The length of time taken by the EPO to hear oppositions has reduced significantly since the office introduced streamlined processes in 2016, a new report reveals.
Confirming that the EPO’s new policies have impacted proceedings in the relatively complex life sciences space – and not just in areas such as high-tech and telecommunications – the study finds that several parts of the opposition timeline have been shortened, while the number of filing extensions requested and granted has fallen steeply. The upshot of this is that all those involved in oppositions may need to rethink their strategies.
EPO Opposition Trends in the Life Sciences Sector: Special Report 2019, produced by Mewburn Ellis, analyses over 5,000 opposition cases at the EPO between 2009 and 2019. It provides insights into the trends concerning cases involving patents with life sciences IPC codes and how these compare to oppositions involving other kinds of technology. Against the background of the EPO’s introduction of a streamlined opposition procedure in July 2016, the report compares oppositions before and after this change.
Life sciences professionals may be especially interested in understanding the oppositions process, because of the high commercial value of patents in the sector, where R&D costs and regulatory barriers are unusually high.
The report confirms that life sciences patents are more often the target of oppositions than those in other areas. For example, 400 pharmaceuticals patents were opposed in 2018 - more in absolute terms than any other technical field. This constitutes 5.5% of all pharmaceuticals patents that could be opposed in this period – higher than the 3.2% average across all categories.
On the biotechnology side, 4.3% of patents were opposed; and while only 2.7% of medical technology patents were opposed, rights in this field – and in biotechnology – joined pharmaceutical patents in the top 10 most challenged groups of rights in absolute terms.
Of those patents which were challenged by large numbers of opponents in 2018, almost all were in the life sciences. The most opposed life sciences patents tended to protect combination therapies, methods of manufacturing biotherapeutics and biotech platform technologies, such as CRISPR/Cas9.
The study’s most interesting findings, however, relate to the length of the EPO’s opposition proceedings. Having shown no appreciable decrease in length between 2009 and 2014, the average time taken to complete life sciences oppositions has fallen significantly since then, and especially since 2016. The mean duration of a proceeding in 2015 was 22.1 months; by 2018, this had dropped to 17.1 months. In 2009, it stood at 25 months. As such, the EPO seems on track to hit its target of completing oppositions in 15 months by 2020.
“What the data show is that the oppositions process is getting faster for life sciences patents,” comments Katherine Green, who led the Mewburn Ellis team that conducted the research. “The EPO’s official statistics tell you that oppositions in general are getting quicker. But life sciences professionals have tended to think that this might not apply to them, because their cases are more complex and tend to be slower. We have confirmed that the changes at the EPO are affecting the life sciences too.”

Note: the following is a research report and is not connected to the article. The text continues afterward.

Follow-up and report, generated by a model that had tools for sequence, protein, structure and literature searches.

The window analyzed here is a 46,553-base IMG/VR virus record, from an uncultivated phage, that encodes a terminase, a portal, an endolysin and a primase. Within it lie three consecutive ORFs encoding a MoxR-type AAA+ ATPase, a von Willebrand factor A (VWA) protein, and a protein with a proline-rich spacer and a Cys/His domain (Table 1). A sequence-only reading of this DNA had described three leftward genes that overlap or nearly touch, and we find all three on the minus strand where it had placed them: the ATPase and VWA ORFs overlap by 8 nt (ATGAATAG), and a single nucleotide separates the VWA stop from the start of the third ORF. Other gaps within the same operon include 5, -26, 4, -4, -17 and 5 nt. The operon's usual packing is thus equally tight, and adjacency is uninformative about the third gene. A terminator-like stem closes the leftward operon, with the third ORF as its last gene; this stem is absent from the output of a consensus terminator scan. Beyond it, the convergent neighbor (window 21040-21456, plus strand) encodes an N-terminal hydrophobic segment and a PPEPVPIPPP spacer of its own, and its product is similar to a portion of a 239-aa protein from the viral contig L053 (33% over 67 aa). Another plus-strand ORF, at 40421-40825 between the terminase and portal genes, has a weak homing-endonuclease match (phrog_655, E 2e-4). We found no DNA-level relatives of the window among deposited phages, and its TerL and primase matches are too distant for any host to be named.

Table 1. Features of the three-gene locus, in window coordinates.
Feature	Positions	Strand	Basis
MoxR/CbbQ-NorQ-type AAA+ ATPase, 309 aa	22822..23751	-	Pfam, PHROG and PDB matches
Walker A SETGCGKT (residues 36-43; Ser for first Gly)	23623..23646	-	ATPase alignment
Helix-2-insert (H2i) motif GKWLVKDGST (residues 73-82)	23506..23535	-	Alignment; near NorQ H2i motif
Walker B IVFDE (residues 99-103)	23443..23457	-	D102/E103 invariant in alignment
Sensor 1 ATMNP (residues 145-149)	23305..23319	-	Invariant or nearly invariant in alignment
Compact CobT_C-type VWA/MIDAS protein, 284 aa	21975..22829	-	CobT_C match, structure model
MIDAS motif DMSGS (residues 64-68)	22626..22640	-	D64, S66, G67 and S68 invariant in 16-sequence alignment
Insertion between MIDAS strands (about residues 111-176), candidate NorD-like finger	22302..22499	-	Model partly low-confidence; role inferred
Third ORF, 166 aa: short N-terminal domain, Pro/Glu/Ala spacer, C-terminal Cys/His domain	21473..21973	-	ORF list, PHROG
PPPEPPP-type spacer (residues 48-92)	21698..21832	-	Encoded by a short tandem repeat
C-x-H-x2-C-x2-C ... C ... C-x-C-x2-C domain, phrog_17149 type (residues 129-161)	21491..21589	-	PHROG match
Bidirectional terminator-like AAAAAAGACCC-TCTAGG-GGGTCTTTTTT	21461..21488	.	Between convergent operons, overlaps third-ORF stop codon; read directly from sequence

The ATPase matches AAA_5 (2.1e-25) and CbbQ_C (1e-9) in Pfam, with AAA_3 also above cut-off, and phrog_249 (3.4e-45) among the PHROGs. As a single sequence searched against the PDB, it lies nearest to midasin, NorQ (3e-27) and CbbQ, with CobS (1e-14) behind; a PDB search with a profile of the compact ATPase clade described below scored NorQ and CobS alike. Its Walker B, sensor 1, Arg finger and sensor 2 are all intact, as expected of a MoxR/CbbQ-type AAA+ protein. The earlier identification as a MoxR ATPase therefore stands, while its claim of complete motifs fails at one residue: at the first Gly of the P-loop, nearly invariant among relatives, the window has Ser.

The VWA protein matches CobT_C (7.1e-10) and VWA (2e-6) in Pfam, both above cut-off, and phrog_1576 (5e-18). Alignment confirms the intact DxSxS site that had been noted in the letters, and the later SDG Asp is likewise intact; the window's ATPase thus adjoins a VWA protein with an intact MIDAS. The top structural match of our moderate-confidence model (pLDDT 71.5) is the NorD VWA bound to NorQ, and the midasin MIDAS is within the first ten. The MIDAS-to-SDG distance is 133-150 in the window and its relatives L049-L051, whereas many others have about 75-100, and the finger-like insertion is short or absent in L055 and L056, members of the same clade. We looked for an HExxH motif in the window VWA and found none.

And it is not just the overall length of proceedings that has decreased. The average time taken by the EPO to issue an invitation to the life sciences patentee to respond to oppositions dropped suddenly towards the end of 2017, from between one and two months after the expiry of the nine-month opposition period – where it had been since 2009 – to just under one month.
The average length of time between the end of the opposition period and oral proceedings has been falling since 2009 and has continued to do so since streamlining. The period between a patentee’s response to an opposition and summons to oral proceeding has dropped from six months to three months since the EPO’s streamlined procedures were introduced.
There have also been changes in rate at which extensions to the patentees’ four-month opposition response deadline have been granted. Prior to the streamlining initiative, 68% of rights holders secured a two-month extension to this deadline and 12% received an even longer postponement. Since the changes, only 15% of patentees have been granted a two-month extension, with longer delays becoming very rare indeed: only 1.6%.
As well as directly reflecting a change in EPO practice, this trend seems to have resulted from a change in patentee behaviour. Whereas, extensions were previously sought in over 60% of cases, only 18% of cases now see the rights holder apply for more time.
What does this mean for professionals in the industry? “Altogether, this means that if you are going to be defending patents, you need to act quickly and work out your story from the beginning,” Green states. “Historically, lots of patent applicants might have kept their cards close to their chest in the early stages of an opposition. You should not do that. You should make sure you know what your case is, what your fall-back positions are, and what your rebuttals are, and set them out from the very start.”
Those opposing patent grants must also get their ducks in a row early too, Green adds: “If an opponent files a very basic opposition, hoping to file further arguments later in the procedure, they might get caught out, because the board has filed its preliminary opinion more quickly than expected, not taking into account the other arguments. Everyone is having to do substantive work earlier in the proceedings than they used to have to do.”
This article first appeared in IAM. For further information please visit https://www.iam-media.com/corporate/subscribe